As you ladies know, I love DIY anything. I’m that kind of person. I love to make things myself. If you’ve ever wondered why I don’t share DIY’s on our blog about doing your own paper, flowers, or photography just to name a few, it’s because there are certain things I believe you should leave to a pro unless you happen to be an expert at one of those things. This will be a series that covers why you shouldn’t DIY certain aspects of your wedding and what to do when things go very very wrong. First up, Stationery.
Image via Oh So Beautiful Paper
First and foremost let’s talk about the things that affect the price of stationery. I think this is a big reason many of you consider DIYing some aspect of your wedding stationery needs. You’re thinking:
I can just get cardstock at “insert local craft store name” and print my own.
I can find all kinds of fonts for free. I’ve seen so many on Pinterest!
We’ve got a nice printer, it should do the trick!
I have Microsoft Word/Publisher/Adobe Photoshop or some sort of editing software. It’ll be so easy.
First let’s talk about that craft store paper. I know they call it cardstock but the fact is, it isn’t. It’s thicker than copy paper but not the same weight you’ll get from a professional stationery. Paper quality makes a huge difference so don’t skimp here.
Now while we’re on the subject of thick paper, let’s talk about your printer. Will your printer print on thick paper….? Some may and some might not. I know my fancy Epson hates HATES kraft paper and if I want something printed on kraft I’ve got to find a professional to print it for me. Also you have to consider how much of the paper you’ll be covering with ink. Want that white print on black or navy background? You’ll be covering the entire piece of paper with ink. Have you seen the prices on ink cartridges these days! Once you decide that you printing it isn’t a good idea, you may consider taking it over to Kinkos or another 24/7 printer. PLEASE PLEASE PLEASE hear me when I say that the printers they use are not for wedding stationery. They are used to print manuals and power point presentations. You won’t get the same quality look that a professional stationery can supply. I’d also like to mention that the ink from your printer and the quick print shop printers are not always water proof. There is nothing worse then getting a soggy runny envelope out of the mail box.
Now let’s talk about fonts. Sure you get a few with your computer and you can download some free ones but do you want to know why the ones that are free are, well, free? Because most of the time they aren’t the full font line! That’s right. Maybe you get the caps, maybe you get both caps and lowercase, many don’t come with numbers and most don’t come with fancy characters like the “&”. Another thing they don’t include is glyphs. What the heck is a glyph? Talk a look a the three font samples below. They are all three the same exact font. The difference is the glyphs used for each first letter of the words and the s on the end.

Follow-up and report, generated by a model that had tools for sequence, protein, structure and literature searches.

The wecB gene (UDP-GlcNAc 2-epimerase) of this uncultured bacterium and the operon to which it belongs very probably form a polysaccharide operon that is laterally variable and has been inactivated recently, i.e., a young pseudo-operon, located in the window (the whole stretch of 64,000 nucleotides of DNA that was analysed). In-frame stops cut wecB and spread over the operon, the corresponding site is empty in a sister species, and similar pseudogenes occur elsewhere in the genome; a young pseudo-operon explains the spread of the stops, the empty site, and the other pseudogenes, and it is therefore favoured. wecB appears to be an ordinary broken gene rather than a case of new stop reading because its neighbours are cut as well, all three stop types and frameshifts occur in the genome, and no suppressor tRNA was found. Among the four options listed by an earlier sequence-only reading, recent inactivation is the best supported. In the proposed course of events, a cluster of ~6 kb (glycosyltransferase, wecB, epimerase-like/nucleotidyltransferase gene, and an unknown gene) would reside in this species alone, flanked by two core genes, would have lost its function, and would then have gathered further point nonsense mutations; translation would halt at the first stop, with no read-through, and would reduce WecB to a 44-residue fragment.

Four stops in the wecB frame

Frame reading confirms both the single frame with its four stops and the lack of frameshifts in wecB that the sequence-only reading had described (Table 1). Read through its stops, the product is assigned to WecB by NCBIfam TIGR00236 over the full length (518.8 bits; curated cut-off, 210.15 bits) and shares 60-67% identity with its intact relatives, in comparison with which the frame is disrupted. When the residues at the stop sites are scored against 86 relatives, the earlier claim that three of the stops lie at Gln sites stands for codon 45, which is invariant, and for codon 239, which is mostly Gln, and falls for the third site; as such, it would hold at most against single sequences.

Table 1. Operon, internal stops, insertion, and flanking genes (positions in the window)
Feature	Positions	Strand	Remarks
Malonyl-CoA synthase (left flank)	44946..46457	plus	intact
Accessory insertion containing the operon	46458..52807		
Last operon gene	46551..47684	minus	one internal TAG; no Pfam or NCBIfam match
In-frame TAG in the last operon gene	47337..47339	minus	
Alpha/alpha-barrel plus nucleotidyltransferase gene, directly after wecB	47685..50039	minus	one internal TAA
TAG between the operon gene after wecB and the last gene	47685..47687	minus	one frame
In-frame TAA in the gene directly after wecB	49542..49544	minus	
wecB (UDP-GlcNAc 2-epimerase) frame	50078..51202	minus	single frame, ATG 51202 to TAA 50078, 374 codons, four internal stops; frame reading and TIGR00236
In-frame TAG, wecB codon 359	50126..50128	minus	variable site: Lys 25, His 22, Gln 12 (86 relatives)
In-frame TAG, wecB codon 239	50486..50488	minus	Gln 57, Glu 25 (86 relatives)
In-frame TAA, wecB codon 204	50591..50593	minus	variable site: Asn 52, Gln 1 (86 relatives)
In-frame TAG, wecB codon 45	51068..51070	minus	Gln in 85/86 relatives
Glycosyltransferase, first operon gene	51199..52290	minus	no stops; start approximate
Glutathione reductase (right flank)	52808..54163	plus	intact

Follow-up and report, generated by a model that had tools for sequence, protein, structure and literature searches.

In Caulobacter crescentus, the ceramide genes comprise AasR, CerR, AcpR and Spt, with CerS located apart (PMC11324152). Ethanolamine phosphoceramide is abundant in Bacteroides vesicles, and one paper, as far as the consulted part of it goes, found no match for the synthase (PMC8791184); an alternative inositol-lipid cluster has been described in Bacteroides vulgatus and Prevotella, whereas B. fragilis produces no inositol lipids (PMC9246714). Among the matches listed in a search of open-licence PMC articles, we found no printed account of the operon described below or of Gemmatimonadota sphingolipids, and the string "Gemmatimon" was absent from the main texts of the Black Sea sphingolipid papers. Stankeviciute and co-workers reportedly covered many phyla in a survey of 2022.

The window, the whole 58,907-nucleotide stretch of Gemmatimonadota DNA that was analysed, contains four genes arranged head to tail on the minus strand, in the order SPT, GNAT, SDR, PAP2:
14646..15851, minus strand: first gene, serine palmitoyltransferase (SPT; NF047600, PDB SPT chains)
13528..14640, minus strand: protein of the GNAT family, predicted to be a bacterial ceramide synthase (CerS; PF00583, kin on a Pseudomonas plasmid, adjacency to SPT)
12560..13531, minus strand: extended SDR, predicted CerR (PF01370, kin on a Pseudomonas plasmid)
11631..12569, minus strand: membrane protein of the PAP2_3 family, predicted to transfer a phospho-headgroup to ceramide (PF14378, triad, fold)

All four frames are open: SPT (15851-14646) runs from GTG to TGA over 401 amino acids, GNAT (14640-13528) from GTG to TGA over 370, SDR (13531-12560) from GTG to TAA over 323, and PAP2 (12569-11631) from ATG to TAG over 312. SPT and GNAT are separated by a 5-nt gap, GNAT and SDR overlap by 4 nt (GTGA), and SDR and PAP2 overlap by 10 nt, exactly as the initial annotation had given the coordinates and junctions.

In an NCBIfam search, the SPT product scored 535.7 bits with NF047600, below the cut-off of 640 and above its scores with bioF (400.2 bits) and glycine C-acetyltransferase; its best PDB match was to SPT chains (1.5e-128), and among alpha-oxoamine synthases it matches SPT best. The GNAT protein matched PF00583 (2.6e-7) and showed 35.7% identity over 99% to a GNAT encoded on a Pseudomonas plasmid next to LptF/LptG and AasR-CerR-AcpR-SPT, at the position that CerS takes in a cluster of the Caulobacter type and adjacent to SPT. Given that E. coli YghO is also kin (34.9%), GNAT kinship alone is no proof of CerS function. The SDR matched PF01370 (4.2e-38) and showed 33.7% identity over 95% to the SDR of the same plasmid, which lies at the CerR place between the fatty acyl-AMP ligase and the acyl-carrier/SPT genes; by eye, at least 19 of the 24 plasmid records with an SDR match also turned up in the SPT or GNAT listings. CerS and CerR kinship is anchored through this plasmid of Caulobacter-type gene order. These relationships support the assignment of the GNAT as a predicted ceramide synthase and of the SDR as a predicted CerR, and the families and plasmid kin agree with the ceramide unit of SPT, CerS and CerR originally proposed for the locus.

A glyph is a variation of a letter and some fonts come with many glyphs per letter. This creates that custom calligraphy look. Only certain software will allow you to use those glyphs and it’s important to note that all those fancy fonts you love are probably hundreds of dollars. I’m not kidding. Check out this popular font called PF Champion Script Pro (used in the sample above) $125 for just the basic font. If you want the whole family, so you can control the bold as well, you’re looking at $225. A pro stationery will have all the fonts you love loaded and ready to use. Those font prices are spread out over all of the stationery’s customers so you won’t see the full font price on your invoice.
Now that we’ve covered those let’s move on to design programs and software. First off, anyone who’s ever used Microsoft Word to design anything will tell you how crazy difficult it is to use. It’s a word processing software not a design software. Remember that. Also Publisher isn’t much better. It’s great for the neighborhood newsletter not so great for designing stationery. If you’ve never used Photoshop and think now’s the time to learn, I encourage you to download the free trial. 30 days for free. It’ll take you at least that to simply figure out how to use it. I’m telling you this from experience. Once you figure out what you can and can’t do with it and how layers work, you might have a chance but then you get into resolution and pixels and it can get pretty deep. Just things to keep in mind.
Now let’s talk about sizing. How do you know how big to design each piece? Will you be matting the invite or program? Where can you find a reliable source for envelopes that don’t feel like copy paper? How are you going to cut the straight lines (most chop slicers don’t cut straight and thick paper eats through blades)? What type of adhesive will you be using?
These are just some of the considerations to think about when you consider DIYing your own stationery. Professionals have vetted each of their sources, can provide you with ideas you may never considered, and can come up with some very creative solutions to issues like not inviting children. They know all about today’s etiquette and believe me, they know their stuff. If the reason you’re considering DIYing your own invitations is because you want to help design a one of a kind piece, consider working with a custom stationery designer. They’ll help you work through the design process and make everything I mentioned above, a breeze. It’s what they do!
I hope this has helped you understand why invitation pricing is what it is and why you should consider not DIYing your stationery. I’ll be speaking about flowers next week so if you have any specific questions, post them on our Facebook page!